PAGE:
Project Delivery Methods

We understand that not all construction projects are built the same way.  S&I has substantial experience with the following project delivery methods:


Your hired architect has created a set of construction documents (plans and specifications), working with you to fine tune the aspects of your project.  Structures and Interiors is then invited to join the bidding process.  We’ll take your plans and specifications sending them out to our trusted, closed and controlled bid list.  On bid day we’ll provide you a bid proposal and you as project owner will select the bid with the most value for a construction contract.


This process will sometimes (but not always) start with the contractor having been selected prior to the architect.  As contractor we can help you select the right architect for the project depending on your needs.  Often times we will be involved in site or lease space selection.  The process typically starts with an idea, then an initial budget.  After plan development the budget is fine tuned to confirm the project is feasible as it’s being designed.  Construction documents (plans and specifications) are then created which will be sent out to our trusted, closed and controlled bid list.  We’ll then provide a not to exceed construction bid based on the project scope.

Construction Contract

Upon completion of either the design-bid-build or design-build process we will then enter in to a construction contract based upon estimated cost, time frame and construction documents.

Contract Types

The most common contract types are the AIA-101 and AIA-102.  AIA contracts are American Institute of Architect written and provide a standard industry wide language accepted by Owners, Architects, Contractors and Lenders.

AIA-101 Stipulated sum contract:  This contract type sets a fixed amount or bid on the contract with a basis on the contract documents.  This contract amount can be modified up or down via change order when the scope of work changes.

AIA-102 Cost plus contract with a Guaranteed Maximum Price:  This contracts sets a Guaranteed Maximum Prices in lieu of a fixed amount.  The contractor’s fee is established as a percentage fee on top of the cost of construction.  Often times this type of contract is used for a design-build project when the scope is still being defined at time of contracting.  Contingencies are included when certain sections of scope are not defined.  In the event the project comes in under budget the difference is often split as a cost savings between owner and contractor at a predetermined split.  This Guaranteed Maximum Price can be modified up or down via change order when the scope of work changes.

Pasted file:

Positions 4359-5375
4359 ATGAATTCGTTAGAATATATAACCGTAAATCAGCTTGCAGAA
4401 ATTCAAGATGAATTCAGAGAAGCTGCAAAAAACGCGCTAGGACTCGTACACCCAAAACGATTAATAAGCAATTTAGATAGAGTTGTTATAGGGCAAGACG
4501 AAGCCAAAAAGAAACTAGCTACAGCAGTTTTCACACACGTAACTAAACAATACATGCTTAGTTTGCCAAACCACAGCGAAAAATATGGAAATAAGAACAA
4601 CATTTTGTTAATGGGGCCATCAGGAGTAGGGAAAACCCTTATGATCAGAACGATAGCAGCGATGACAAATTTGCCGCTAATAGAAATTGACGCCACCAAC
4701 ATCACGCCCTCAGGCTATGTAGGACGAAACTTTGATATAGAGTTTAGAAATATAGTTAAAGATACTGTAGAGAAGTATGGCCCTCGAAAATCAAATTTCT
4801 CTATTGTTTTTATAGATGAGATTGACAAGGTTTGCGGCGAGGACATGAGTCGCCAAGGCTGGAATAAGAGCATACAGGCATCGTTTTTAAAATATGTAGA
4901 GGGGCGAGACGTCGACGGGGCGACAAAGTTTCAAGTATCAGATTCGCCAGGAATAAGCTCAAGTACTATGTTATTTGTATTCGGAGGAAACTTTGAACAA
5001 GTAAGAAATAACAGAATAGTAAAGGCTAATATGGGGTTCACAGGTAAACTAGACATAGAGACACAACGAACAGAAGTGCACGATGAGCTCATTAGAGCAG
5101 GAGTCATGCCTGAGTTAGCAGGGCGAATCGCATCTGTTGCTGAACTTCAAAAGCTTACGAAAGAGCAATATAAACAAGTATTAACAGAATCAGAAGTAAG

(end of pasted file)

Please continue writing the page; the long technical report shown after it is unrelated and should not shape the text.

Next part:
Most commercial construction contracts will have a retainage provision with a varying percentage of either 5 or 10%.  10% is the most common for a professional building project.  If a contractor bills for $100,000 a retainage will be withheld from that amount through construction completion.  In a 10% retainage scenario $90,000 dollars will be paid to the contractor and $10,000 dollars will be held in retainage.  Retainage is most often paid at construction completion upon substantial completion of the project.

Local Jurisdiction Approval – Permitting

The permit process will vary based on the type of project and city.

A finish-out or renovation permit will often involve submitting final plans to the city building permit office and a 2-4 week (sometimes longer) review process.

A new building, addition or facade change can take months.  The project may involve creation or modification of the plat; city council and planning department approval; subdivision or HOA approval and last but not least city permitting.  Creating a schedule for this process on the front end is important.  With a new building it is not unusual for the planning and approval process to take longer than construction itself.


Upon completion of Permitting, Contracting and Lender Approval the construction process can begin.